Some of the multinational companies have been using
the lay media (television, electronic media and newspapers/magazines)
for placing advertisements pertaining to optional/combination
vaccines. We opine that this is unethical. The IAP placed a formal
complaint before the Drug Controller General of India and the Union
Health Ministry. This led to the issuance of a letter by the Drug
Controller to the concerned companies requesting them for the
withdrawal of these advertisements. These advertisements have not been
seen in the lay media after that. We are hopeful the companies would
continue to refrain from lay advertising in the future as well.
IAP Recommendations on Immunization, 2003
The IAPCOI has formulated several specific
recommendations to other agencies pertaining to immunization.
1. Recommendations to Ministry of Health,
Government of India
(a) The IAP recommends that the Academy should be
represented on NTAGI by its incumbent President and the Chairperson/
Convener of IAPCOI.
(b) At 5 years of age booster immunization should
be done with DPT rather than DT.
(c) The Academy recommends that inactivated polio
vaccine should be immediately licensed in the country and gradually
introduced in a phased manner, starting from the states where polio
has been eliminated.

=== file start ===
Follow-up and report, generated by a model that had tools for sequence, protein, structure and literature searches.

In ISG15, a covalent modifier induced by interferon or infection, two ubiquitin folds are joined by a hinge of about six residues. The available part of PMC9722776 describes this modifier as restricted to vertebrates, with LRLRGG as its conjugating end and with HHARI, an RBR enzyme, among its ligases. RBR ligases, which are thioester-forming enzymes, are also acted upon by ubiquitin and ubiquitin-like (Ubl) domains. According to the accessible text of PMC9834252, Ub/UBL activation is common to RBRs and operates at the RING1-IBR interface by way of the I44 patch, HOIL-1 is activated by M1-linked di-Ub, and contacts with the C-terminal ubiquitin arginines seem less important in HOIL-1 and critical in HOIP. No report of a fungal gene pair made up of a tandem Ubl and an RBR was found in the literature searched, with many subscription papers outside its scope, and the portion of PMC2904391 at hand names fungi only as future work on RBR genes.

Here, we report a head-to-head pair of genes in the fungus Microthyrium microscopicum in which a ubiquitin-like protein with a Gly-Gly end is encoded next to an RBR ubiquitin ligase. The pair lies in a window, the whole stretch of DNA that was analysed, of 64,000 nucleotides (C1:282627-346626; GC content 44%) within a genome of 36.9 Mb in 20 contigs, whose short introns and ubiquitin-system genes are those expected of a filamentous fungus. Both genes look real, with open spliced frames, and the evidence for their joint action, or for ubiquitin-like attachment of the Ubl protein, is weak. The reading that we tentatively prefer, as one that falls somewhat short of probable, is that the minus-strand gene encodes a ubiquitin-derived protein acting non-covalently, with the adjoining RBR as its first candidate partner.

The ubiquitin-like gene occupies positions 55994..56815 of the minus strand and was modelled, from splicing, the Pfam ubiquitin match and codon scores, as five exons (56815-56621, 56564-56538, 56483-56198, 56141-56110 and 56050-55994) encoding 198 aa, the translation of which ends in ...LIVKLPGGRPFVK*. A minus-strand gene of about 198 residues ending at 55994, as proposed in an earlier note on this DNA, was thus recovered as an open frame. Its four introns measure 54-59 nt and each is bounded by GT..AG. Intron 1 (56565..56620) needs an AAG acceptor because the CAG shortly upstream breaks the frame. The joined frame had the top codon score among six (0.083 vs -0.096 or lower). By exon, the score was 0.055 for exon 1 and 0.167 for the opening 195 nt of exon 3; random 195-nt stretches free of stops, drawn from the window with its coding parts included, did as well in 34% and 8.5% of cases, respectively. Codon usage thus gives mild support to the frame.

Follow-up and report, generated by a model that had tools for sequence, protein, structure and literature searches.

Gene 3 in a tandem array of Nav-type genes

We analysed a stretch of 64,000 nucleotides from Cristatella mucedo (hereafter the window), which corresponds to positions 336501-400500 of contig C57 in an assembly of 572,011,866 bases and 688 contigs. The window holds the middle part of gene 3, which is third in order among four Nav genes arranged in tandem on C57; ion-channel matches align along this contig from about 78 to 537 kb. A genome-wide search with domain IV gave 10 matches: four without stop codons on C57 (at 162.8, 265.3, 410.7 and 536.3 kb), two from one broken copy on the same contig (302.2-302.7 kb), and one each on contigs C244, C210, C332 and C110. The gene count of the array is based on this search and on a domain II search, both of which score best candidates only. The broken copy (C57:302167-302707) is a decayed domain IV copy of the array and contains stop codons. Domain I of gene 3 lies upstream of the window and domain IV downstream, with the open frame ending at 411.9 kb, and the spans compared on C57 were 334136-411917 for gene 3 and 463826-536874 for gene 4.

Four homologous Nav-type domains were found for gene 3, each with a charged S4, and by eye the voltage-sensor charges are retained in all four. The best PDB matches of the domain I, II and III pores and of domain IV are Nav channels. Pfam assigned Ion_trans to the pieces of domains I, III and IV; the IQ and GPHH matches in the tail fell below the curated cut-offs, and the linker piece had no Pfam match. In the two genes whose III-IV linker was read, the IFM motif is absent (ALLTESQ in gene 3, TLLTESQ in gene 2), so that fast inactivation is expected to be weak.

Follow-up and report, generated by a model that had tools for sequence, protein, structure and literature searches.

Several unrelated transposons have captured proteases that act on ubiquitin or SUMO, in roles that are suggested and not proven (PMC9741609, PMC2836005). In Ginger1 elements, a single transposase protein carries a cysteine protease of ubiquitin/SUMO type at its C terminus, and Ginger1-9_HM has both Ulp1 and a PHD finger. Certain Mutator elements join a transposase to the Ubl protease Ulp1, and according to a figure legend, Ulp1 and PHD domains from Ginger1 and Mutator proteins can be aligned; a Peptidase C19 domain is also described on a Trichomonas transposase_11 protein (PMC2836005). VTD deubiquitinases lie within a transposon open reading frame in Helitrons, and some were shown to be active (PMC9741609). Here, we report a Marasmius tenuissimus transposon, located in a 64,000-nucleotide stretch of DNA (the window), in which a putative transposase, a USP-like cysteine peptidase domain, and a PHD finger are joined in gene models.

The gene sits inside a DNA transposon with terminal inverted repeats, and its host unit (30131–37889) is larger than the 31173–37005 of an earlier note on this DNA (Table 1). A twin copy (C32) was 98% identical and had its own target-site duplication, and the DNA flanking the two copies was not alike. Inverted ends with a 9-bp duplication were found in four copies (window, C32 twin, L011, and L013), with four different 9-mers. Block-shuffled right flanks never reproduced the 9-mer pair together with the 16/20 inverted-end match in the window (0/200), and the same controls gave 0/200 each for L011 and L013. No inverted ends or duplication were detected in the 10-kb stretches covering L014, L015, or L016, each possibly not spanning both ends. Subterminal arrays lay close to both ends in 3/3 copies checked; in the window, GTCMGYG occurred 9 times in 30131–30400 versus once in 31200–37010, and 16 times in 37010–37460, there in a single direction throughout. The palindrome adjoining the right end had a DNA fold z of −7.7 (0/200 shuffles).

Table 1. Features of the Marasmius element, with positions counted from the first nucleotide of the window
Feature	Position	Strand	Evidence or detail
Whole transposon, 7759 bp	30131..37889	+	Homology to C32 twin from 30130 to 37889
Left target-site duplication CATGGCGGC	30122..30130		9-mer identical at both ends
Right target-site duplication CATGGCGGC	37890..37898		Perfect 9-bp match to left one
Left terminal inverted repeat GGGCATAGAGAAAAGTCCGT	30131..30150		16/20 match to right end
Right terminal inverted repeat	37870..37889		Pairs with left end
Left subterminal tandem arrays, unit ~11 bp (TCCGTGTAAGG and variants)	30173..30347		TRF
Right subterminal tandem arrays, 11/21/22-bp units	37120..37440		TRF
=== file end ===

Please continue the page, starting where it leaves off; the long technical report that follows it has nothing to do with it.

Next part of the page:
(d) The Academy strongly recommends that
Hepatitis B and MMR vaccines should be included in the national
immunization schedule with immediate effect.
(e) The Government should actively consider
inclusion of typhoid vaccine in the national immunization schedule.
The Academy suggests use of Vi-polysaccharide vaccine for this
purpose. However, the whole cell inactivated typhoid vaccine may
also be acceptable, as it is much cheaper to produce. However, the
latter vaccine does have significant side-effects.
(f ) Another vaccine which needs serious
consideration for inclusion in the national immunization schedule,
while awaiting disease burden studies, is Hib vaccine. However at
present the cost of this vaccine is prohibitive.
(g) The Academy supports the decision of the
Government to discontinue production of animal brain rabies vaccine.
However we need to ensure adequate supplies of indigenously produced
chick embryo/tissue culture vaccines at affordable costs.
2. Recommendation to the Federation of Obstetric
and Gynecologic Societies of India
The Academy again reiterates its previous
recommendations to adopt a policy of routine testing of all pregnant
women for HBV infection. If the mother is HBsAg positive, the baby
should be given HBIG plus HB vaccine soon after birth.
Members of the Indian Academy of Pediatrics
Committee on Immunization (IAPCOI))
Chairperson: A.P. Dubey; Convener: Surjit Singh; Members: Mukesh
Agrawal, Sunil Gomber, Ritabrata Kundu, P. Ramachandran, and A.G.
Shingwekar; Co-opted Member: P.S. Patil; Ex-officio: A.K. Dutta, Tapan
Kumar Ghosh, H.P.S. Sachdev, Nitin Shah, Raju C. Shah, Naveen Thacker;
Invited Experts: T. Jacob John, Rakesh Sehgal; Special Invitees: Anju
Aggarwal, N.K. Arora, Panna Choudhury, Seema Kapoor, Prashant Mathur,
Jitender Nagpal, Sushma Nangia, Dheeraj Shah, Suvasini Sharma, Sangita